Interestingly, FBF tended to be lower in patients with digital scars and previous ulcers or amputation - suggesting that LDI could provide information on the severity of peripheral vascular involvement in SSc. This finding, however, deserves further investigation with a larger sample of patients.

Several techniques have been developed to study microcirculation function and for the measurement of microvascular blood flow in patients with primary RP or secondary RP - such as NFC, thermographic imaging, plethysmography, single-point laser Doppler flowmetry, and LDI [5, 25]. The laser Doppler technique has proven high sensitivity for measuring changes in digital skin perfusion in response to a dynamic challenge [26]. Although single-point laser Doppler flowmetry has been used in many studies to quantify blood flow in patients with RP, the experience with LDI is still limited. LDI allows the evaluation of larger areas of the microcirculation as compared with other techniques, and provides a direct measurement of blood flow in a given area of the skin, as opposed to indirect methods such as thermography.

The findings of lower baseline FBF and higher FTL in SSc patients when compared with healthy controls are supported by previous reports of severe narrowing of capillaries and arterioles at the fingertips, devascularization, and decreased blood flow in the microcirculation of these patients [3, 27], and are consistent with the concept that the deranged arteriolar/capillary bed in this disease ensues a chronic hypoxic regimen in the fingertips. Cold-induced changes have been used to provide an evaluation of the degree of vasospasm in SSc patients and to obtain information on the prognosis and management of these patients [17, 20, 28]. The absence of FBF recovery until 30 minutes after CS observed in the present report is consistent with several studies that showed a higher reactivity after cold exposure and a delayed blood flow recovery in SSc [20, 29]. An array of disturbances in blood flow dynamics observed in SSc results in a slow and less effective capillary blood flow after CS. The SSc microangiopathy involves dramatic dysfunction in vascular regulatory mechanisms that presents initially with neural abnormalities, increased release of endothelin-1, and reduced release of nitric oxide and prostacyclin, and progresses to structural derangement of the involved vessels [3, 30]. As a result of proliferation and fibrosis of the intimal layer, vessels cannot compensate the critical impairment in blood flow during RP attacks [31].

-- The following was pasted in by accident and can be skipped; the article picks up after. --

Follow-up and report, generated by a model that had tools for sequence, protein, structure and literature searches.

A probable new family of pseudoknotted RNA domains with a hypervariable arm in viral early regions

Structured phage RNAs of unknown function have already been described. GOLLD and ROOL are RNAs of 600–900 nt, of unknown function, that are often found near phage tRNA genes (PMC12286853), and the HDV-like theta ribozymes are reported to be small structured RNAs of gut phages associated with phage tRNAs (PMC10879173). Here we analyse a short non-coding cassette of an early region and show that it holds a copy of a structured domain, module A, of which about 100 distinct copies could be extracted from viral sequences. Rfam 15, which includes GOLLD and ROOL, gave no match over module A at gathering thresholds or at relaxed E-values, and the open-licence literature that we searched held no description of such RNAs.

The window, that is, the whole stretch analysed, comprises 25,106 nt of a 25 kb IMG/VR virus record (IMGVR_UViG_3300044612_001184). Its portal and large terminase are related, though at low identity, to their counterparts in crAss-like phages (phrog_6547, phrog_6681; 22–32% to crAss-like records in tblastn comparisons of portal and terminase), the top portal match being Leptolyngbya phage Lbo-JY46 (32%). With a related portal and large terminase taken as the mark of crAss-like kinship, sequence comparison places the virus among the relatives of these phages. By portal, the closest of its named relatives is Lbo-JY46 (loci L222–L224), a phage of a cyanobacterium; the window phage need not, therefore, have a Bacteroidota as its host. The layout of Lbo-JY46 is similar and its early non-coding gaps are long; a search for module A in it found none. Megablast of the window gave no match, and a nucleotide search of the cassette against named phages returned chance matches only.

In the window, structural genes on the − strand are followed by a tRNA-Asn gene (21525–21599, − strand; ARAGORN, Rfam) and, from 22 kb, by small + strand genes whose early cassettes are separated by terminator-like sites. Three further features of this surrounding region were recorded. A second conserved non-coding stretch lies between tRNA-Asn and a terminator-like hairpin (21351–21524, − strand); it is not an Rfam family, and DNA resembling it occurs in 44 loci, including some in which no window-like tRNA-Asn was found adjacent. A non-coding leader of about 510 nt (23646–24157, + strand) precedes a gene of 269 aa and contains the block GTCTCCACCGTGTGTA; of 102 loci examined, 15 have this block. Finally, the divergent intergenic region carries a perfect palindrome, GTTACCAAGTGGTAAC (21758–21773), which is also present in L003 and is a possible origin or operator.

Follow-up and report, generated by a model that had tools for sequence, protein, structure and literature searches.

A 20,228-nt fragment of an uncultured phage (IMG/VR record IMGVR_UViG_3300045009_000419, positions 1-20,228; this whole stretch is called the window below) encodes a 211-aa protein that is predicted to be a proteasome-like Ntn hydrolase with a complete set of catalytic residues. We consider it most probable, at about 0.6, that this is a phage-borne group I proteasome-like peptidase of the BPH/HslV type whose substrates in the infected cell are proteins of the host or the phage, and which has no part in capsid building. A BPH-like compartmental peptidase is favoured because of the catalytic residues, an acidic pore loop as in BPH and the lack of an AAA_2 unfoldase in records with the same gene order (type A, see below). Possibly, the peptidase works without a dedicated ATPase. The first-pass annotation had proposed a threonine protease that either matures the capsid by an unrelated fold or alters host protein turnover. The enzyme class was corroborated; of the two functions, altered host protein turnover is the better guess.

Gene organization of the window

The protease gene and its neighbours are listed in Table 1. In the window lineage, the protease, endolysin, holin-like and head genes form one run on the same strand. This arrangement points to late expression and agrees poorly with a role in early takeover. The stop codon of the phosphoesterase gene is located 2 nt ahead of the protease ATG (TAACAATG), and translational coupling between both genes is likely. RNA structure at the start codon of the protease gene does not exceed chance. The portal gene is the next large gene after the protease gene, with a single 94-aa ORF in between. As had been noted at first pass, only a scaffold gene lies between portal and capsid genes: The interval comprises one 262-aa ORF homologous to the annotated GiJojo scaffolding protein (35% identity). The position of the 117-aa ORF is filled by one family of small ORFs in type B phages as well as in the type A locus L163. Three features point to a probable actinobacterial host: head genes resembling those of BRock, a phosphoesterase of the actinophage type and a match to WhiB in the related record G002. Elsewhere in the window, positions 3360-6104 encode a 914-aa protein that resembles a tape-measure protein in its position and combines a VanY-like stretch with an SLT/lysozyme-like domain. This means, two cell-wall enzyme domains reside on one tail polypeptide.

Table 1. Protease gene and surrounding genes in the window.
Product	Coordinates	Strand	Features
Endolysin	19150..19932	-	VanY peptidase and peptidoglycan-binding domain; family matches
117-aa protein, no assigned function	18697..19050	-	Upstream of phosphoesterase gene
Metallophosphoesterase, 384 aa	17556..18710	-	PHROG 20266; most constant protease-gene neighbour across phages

The present findings are also in agreement with previous studies using LDI for the evaluation of peripheral blood flow in SSc patients. Picart and colleagues used LDI before, during, and after CS (cold pad at 5°C for 8 minutes) in eight SSc patients, 10 patients with primary RP, and seven healthy controls [20]. As in our study, SSc patients showed significantly lower perfusion before, during, and after CS as compared with controls. Murray and colleagues evaluated 16 patients with SSc, 14 patients with primary RP, and 16 healthy controls using LDI before and after the same CS used in our study [17]. The authors observed lower baseline perfusion and a lower rewarming/reperfusion curve in patients with SSc compared with healthy controls. Finally, Seifalian and colleagues [32] and Rosato and colleagues [33] showed lower baseline mean blood flow in the hands of SSc patients compared with healthy controls at room temperature, but no cold challenge was applied.